This 11 lesson module looks at the use of photographic content and imagery within published articles. It takes you through the processes of selection and publishing for a specific publication, submitting work for publication, and meeting the requirements of an editor and publisher. Under the guidance of a mentor (a photography/publishing tutor), you will learn to write according to specific criteria, deal with a publisher, and communicate effectively with others involved in the publishing process. The module covers a wide range of areas on the subject including composition, determining how a picture should be taken, digital manipulation of images, and ethics. The module includes practical work too in the form of a Problem Based Learning Project, where the student will develop and draft submission specifications for an electronic publication and then shoot a photo story which meets these specifications.
Script Writing - Available from mid 2017
Starting a Small Business VBS101
Through 12 lessons, this module introduces you to the world of running a business. Students will learn about the first steps to take – what types of business there are, planning, and marketing a business. As well as learning about forming a business, the module considers all important aspects in lessons including planning, budgeting, and bookkeeping. The module will provide the essentials basics to forming a business and give those studying the pointers to the correct approach to making a success of their venture.
How the Foundation Diploma is Assessed
The Foundation Diploma In Editing And Publishing requires approximately 1000 hours of study. It is made up of ten 100 hour modules.
To pass the course –
1. Pass all assignments on the ten 100 hour modules. There will be an assignment at the end of each lesson to submit to your tutor for marking and feedback.
2. Pass ten examinations – one on each module. These are usually taken at the end of the module and can be arranged at a time and location to suit you.
This qualification is accredited by IARC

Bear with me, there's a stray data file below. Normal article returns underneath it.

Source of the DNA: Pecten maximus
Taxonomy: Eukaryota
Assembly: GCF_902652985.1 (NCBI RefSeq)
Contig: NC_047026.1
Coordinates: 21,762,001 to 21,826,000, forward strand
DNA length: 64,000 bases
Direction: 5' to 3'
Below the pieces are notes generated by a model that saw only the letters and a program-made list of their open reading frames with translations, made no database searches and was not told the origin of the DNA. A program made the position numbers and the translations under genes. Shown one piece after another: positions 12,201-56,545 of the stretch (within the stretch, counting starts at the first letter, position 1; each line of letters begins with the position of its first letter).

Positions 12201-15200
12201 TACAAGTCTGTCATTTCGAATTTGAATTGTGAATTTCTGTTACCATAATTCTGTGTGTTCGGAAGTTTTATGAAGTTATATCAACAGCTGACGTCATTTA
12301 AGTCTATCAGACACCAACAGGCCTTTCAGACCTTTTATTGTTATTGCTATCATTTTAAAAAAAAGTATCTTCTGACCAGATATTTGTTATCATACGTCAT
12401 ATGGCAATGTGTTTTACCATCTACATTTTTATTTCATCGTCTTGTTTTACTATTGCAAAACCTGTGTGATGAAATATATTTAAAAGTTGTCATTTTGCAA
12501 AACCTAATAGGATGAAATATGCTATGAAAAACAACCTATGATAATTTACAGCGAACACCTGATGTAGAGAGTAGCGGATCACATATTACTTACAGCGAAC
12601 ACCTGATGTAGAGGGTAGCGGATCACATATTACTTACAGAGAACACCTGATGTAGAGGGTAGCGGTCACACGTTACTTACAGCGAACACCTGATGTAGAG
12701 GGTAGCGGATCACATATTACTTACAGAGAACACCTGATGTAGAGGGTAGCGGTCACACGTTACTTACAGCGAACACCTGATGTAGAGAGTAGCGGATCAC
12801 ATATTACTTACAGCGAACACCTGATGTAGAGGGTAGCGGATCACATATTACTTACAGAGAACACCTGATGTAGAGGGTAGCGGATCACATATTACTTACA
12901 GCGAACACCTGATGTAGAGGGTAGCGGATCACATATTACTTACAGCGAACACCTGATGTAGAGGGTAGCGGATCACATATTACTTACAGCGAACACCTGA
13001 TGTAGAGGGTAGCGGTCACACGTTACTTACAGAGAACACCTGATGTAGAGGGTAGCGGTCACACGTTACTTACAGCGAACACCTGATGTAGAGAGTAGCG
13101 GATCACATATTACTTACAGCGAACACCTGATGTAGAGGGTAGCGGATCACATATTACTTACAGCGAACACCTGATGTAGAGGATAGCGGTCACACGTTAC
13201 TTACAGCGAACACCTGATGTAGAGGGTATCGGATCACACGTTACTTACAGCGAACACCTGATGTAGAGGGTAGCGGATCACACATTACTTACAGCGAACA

If you are not ready to study for the full Foundation Diploma qualification, each of the modules are available to study separately.
LEARN TO CREATE WORK FOR A TARGET AUDIENCE
Any publication needs a target audience in order to sell; a ‘target audience’ is the audience that is best suited to the publication. A target audience may be adults, teens or children but because readers differ in their reading preferences it will also be a ‘type’ of adult, teen or child. There is absolutely no point in trying to target your book, magazine or even marketing materials to the wrong audience.
Text books need to match the courses they are written for; but courses do change, and if the book is perfectly aligned to one course but lacks content and relevance to other courses, it can have a limited market or limited lifespan.
Magazine and Newspaper Articles
Periodicals survive by attracting repeat business. Readers need to buy new editions or take out subscriptions and they come to do that over time because they like the style of article, the layout or visual appearance of the publication and the style of what is published. They come to expect certain things from the publication The editor and publisher needs to recognise this and meet or exceed expectations in order to sustain an ongoing readership.
The High Concept Novel
'High concept' is a term which originated in the film industry as a method of ‘pitching’ an idea for a film to potential producers. However, the publishing industry has also now adopted this term and applied it to certain types of novels, and the approach that is used to describe them. The high concept pitch is also used to pitch novels to potential publishers before they are even written – the pitch is written in such a way as to capture the publisher’s attention and hold it.